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SPA – Anthony Davidson is open to a move into Formula E with Jaguar upon its entry to the championship later this year, but is yet to receive a serious offer from the British manufacturer.

Jaguar confirmed at the end of last year that it would be entering Formula E from the 2016-2017 season, and is expected to be competitive from the very beginning thanks to its relationship with championship battery supplier Williams.

As a result, the Jaguar seats are among the most coveted for the new season, leading to speculation that 2014 FIA World Endurance Championship winner and Toyota racer Davidson could become the latest driver to combine endurance racing duties with Formula E.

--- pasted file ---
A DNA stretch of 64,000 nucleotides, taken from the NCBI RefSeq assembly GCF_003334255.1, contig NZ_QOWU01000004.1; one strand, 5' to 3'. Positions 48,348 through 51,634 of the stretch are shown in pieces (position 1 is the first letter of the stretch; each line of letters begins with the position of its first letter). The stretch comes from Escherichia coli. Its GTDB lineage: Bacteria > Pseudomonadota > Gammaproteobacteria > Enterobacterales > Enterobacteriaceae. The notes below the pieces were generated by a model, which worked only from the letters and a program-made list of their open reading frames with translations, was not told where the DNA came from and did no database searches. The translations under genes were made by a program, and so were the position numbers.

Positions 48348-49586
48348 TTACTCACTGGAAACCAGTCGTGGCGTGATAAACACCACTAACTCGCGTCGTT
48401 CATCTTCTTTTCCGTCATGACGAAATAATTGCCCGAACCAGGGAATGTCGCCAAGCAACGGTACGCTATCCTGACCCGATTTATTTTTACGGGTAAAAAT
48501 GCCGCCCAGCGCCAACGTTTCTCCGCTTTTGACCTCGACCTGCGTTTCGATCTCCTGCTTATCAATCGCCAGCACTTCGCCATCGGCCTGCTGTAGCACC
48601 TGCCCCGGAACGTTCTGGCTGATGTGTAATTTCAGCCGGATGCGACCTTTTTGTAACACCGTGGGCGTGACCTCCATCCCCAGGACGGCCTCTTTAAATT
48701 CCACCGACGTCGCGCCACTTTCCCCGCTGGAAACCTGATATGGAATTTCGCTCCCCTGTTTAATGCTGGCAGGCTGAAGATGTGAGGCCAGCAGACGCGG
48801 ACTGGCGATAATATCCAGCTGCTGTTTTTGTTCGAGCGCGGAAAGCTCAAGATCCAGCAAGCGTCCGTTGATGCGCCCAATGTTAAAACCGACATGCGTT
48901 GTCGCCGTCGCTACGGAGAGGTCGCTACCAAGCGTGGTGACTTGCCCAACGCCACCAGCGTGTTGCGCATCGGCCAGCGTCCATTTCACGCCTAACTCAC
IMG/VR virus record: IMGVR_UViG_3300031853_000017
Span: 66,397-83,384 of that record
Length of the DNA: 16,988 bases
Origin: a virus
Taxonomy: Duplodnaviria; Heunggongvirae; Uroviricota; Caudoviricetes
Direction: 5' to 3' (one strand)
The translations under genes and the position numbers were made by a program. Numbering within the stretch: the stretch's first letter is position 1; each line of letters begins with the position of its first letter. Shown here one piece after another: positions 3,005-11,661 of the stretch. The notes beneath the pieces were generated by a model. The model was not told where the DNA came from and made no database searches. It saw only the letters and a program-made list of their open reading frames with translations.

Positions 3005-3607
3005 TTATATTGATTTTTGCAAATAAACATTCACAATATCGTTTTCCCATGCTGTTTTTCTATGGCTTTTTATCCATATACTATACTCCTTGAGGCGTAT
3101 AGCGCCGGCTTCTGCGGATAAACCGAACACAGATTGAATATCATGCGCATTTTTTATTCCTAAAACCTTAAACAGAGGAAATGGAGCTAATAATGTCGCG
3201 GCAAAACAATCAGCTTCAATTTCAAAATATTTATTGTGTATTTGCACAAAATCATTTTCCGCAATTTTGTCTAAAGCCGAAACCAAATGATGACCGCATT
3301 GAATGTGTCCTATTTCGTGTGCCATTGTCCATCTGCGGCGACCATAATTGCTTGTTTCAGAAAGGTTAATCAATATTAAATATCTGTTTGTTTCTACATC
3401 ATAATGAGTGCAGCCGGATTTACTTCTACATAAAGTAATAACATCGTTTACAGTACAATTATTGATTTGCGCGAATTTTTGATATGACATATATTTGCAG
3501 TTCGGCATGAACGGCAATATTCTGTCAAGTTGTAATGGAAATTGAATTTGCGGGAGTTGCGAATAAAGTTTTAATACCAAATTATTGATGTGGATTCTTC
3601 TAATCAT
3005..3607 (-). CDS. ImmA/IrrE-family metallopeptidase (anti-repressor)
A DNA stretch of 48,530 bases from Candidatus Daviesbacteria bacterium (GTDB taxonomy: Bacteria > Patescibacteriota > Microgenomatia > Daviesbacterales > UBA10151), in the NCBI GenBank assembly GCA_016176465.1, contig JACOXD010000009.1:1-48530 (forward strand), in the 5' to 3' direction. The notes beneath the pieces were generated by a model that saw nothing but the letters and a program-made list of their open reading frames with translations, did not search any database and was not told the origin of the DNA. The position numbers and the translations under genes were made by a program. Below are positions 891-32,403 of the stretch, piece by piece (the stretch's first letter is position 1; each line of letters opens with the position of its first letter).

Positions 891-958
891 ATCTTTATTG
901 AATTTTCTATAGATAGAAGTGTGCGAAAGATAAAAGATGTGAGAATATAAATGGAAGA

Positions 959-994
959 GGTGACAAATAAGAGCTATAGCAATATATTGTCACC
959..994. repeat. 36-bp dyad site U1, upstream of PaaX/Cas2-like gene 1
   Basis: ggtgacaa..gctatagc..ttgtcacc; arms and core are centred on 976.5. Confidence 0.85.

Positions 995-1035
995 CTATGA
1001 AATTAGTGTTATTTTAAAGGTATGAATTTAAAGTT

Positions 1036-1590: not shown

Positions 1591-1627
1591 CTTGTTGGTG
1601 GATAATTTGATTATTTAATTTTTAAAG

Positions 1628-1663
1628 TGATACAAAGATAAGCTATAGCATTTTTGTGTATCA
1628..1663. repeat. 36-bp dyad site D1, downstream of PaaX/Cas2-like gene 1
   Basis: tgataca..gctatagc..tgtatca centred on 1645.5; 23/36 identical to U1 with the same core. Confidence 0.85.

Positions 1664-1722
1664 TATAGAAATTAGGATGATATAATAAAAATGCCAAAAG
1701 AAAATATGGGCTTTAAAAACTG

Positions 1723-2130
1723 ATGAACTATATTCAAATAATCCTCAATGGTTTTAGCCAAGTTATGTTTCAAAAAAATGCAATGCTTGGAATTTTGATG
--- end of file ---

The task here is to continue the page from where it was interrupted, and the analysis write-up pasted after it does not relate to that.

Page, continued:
Davidson confirmed to NBC Sports that he’d be interested in doing so, but said he is yet to receive a serious approach.

“If I was approached seriously and wasn’t messed about by having to do a driver shoot-out or anything ridiculous like that, then maybe I would,” Davidson said.

“So far I haven’t had a serious approach. I would be up for it. I’m always up for racing in different cars, especially to drive a single-seater again would be nice, but it’s not high on my priority list at the moment.”

When asked by NBC Sports if a move to Jaguar would be of interest, Davidson confirmed that preliminary talks had been held but nothing had been firmed up.

“I got in touch, we were in touch. We had a chat and that’s about all that came from it,” Davidson said.

“I wouldn’t turn down an offer, let’s put it that way. But I’m not going to break a leg falling over myself to get into one.

“I’m 37 years old now. If I can’t sell myself now then there’s no point.

“If people don’t know what I’m capable of then that’s their loss.”

Verstappen never saw a reason to leave Red Bull setup